I understand that GWTTestCase is very sluggish right now (and feels
very heavy), but we are working to improve our JUnit performance, and
right now this is the only way to reliably test browser-dependent
client side code.

Hope I made sense with all this,
Scott

bruciadmin

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Jul 2, 2006, 8:05:41 PM7/2/06
to Google Web Toolkit
Hi Scott,

Not that this is a big issue, but I would enjoy seeing more of the
components being able to be instantiated out of hosted mode.

I understand that having the Widgets instantiate and tie in to the DOM
model automatically via static methods aid in convenience. On the other
hand, being able to use components as regular Java make people want to
be able to do all the other things with them which regular Java can do,
like instantiating by themselves. Further, for better testing, we
should be able to instantiate single objects with mock objects as their
dependencies. Summing up, I'd like to see Widgets being as close to
POJO's as possible.

I guess it all comes down to your audience and what they want. I'm sure
many (probably most) of your users so far prefer the convenience of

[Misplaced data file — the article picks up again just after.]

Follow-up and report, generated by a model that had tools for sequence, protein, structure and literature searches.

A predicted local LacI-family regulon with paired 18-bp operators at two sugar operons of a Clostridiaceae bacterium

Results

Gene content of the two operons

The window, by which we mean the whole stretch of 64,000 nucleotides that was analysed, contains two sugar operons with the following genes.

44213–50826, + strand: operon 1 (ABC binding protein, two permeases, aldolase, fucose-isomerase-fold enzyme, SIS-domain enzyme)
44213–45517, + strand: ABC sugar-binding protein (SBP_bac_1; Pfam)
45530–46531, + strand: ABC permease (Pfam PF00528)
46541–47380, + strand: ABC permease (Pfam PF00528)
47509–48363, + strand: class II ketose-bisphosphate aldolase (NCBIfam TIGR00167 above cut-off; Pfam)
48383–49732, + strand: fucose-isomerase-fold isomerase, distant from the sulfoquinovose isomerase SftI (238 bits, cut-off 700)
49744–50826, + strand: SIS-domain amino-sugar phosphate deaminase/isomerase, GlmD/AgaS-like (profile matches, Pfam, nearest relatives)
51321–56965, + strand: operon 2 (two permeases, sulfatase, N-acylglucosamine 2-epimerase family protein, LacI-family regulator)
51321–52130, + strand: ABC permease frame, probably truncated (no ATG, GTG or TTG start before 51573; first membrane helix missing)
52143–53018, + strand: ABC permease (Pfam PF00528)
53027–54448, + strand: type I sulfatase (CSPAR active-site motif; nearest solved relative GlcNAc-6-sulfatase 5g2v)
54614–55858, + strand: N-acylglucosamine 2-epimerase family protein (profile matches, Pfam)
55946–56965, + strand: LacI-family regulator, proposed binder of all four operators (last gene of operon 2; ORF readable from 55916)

quickly creating components. However, I believe it will not take long
for the hype to die down a bit, and people will start evaluating Widget
usage patterns in terms of regular O-O development. A pseudo O-O
environment at this point might not satisfy everyone and you may lose a
percent of users to these kinds of issues.

A summary of niggles:
- Excessive usage of static methods == bad coding practice
- Hard wired dependency on static methods in constructor == bad coding
practice
- Minimal usage of interfaces == bad coding practice

I would much rather see objects closer to regular Java beans which have
dependencies on interfaces, rather then concrete objects or static
methods.

Sorry for being so negative - on the whole I've found the Google Web
Toolkit a very good contribution to the community. I'm going to
continue to use it personally for my current project and I'm also
working on a clientside Spring integration project which has been going
quite well.

Cheers,

David L